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Friday, December 21, 2007

How Can I Get a Quantitative 13C NMR Spectrum?

With conventional acquisition parameters, 13C NMR spectra of liquids are rarely quantitative and usually not integrated. There are two main reasons for this. Proton decoupling is normally used to simplify the spectrum and as a way to build up sensitivity as a result of the nuclear Overhauser effect. Also, typical T1's for 13C are very long. One can still get quantitative data and a proton decoupled spectrum if a very long recycle delay (perhaps 5 minutes) is used and the 1H decoupling is applied only during the acquisition time which is very short with respect to the recycle delay. Using such parameters however makes the collection of data prohibitively time consuming. To avoid this problem, you can add a paramagnetic relaxation agent to the sample to reduce the relaxation times.

In the spectra below the data were collected with a 10 second recycle delay. In the left hand spectrum, the duty cycle of the decoupler was 100 % and the spectrum exhibits an NOE. In the middle spectrum, the NOE is greatly reduced by decoupling only during the acquisition time (decoupling duty cycle = 10 %), however the long T1's prevent the spectrum from being quantitative. The spectrum on the right was acquired similar to that of the one in the middle except some Cr(acac)3 was added to the sample to reduce the relaxation times for the carbons. This spectrum is quantitative.

Thursday, December 20, 2007

Improving Your Baseline Correction

Spectral baselines are often corrected in Bruker's software by using the "abs" command after Fourier transformation. This correction is not always well suited to the data. Another method of getting flatter baselines is to define specific frequency limits "absf1" and "absf2" over which the baseline will be corrected and then use the "absf" command rather than the "abs" command. The smaller the difference between "absf1" and "absf2", the better the correction will be. Below is an example where "absf1" and "absf2" are defined by the region in pink.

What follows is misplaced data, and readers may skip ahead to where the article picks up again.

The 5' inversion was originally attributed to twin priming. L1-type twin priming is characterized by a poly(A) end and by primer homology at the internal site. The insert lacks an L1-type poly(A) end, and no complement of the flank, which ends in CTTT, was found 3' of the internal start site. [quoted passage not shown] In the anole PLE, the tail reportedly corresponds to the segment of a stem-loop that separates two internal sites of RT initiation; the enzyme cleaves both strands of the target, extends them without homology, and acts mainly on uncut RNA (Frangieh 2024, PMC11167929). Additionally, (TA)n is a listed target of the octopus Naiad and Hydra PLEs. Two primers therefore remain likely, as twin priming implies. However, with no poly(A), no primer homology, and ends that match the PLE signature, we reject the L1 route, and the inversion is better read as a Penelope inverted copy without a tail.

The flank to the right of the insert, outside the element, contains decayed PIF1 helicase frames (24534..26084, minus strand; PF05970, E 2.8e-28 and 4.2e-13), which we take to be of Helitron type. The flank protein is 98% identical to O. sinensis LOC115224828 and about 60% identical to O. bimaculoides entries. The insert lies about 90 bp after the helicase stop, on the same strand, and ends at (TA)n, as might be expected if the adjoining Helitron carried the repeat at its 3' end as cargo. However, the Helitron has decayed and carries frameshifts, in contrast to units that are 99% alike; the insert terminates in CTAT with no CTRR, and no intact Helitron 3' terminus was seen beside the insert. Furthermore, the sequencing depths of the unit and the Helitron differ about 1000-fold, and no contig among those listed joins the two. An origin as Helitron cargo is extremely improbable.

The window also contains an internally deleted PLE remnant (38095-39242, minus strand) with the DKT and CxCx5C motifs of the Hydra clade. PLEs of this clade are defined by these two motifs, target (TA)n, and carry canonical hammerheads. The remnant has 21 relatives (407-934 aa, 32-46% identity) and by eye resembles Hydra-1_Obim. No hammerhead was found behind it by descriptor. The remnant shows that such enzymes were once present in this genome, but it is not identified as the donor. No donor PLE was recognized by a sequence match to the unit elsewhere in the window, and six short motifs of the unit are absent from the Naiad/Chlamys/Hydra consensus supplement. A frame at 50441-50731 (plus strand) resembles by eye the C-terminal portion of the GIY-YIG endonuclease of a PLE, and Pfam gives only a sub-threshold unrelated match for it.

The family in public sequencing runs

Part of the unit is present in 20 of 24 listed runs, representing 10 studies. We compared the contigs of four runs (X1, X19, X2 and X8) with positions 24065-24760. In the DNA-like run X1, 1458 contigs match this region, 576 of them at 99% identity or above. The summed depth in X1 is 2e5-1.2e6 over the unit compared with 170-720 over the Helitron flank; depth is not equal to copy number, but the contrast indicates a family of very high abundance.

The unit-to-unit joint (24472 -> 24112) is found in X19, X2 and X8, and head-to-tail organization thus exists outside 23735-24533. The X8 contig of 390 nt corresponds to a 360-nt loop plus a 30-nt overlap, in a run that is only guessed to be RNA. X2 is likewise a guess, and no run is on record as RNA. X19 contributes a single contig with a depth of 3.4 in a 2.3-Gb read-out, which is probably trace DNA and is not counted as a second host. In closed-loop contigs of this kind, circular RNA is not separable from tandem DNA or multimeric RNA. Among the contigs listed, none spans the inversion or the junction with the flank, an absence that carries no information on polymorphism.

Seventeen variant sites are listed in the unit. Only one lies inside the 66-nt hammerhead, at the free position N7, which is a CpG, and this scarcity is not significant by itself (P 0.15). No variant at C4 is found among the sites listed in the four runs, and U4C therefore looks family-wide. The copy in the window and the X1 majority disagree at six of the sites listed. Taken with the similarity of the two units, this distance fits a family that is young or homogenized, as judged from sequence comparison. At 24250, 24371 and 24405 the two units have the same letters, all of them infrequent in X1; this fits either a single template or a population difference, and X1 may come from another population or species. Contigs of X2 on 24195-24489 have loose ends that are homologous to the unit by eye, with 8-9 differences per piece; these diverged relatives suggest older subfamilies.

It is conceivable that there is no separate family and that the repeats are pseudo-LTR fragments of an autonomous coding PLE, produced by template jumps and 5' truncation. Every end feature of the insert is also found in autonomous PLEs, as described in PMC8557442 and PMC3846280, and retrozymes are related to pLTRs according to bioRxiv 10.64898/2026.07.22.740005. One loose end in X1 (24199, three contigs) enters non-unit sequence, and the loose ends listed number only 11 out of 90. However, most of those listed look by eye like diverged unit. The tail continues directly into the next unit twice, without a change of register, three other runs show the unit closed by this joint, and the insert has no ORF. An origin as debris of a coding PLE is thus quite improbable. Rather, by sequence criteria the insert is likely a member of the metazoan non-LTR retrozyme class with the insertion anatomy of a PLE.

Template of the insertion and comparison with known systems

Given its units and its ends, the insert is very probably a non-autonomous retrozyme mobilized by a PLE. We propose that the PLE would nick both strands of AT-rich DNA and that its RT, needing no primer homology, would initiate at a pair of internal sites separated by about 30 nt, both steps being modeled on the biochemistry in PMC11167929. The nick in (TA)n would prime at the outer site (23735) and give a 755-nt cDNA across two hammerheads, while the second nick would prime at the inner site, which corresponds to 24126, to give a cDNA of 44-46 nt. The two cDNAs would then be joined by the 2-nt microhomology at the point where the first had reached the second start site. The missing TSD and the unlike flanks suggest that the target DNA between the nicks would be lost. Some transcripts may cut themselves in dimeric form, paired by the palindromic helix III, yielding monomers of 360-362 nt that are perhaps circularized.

Wednesday, December 19, 2007

31P - 109Ag HMQC

Silver has two spin I = 1/2 isotopes (109Ag and 107Ag) with natural abundances of 48.18% and 51.82%, respectively. Although 109Ag has a lower natural abundance, it is the preferred isotope to observe as its gyromagnetic ratio is slightly higher than that of 107Ag. Direct observation of 109Ag is problematic in that the Larmor frequency is low, the NOE's to protons are negative and most importantly, the T1's are very long (minutes to hours). In some silver phosphine complexes with 109Ag - 31P coupling, the problems of observing silver directly can be circumvented by using indirect detection via a 31P detected 31P - 109Ag HMQC. The advantages of using this approach are that the directly observed 31P frequency is 8.7 times higher than that of 109Ag and the relaxation delay in the experiment depends on the 31P T1's which tend to be orders of magnitude shorter than those of 109Ag.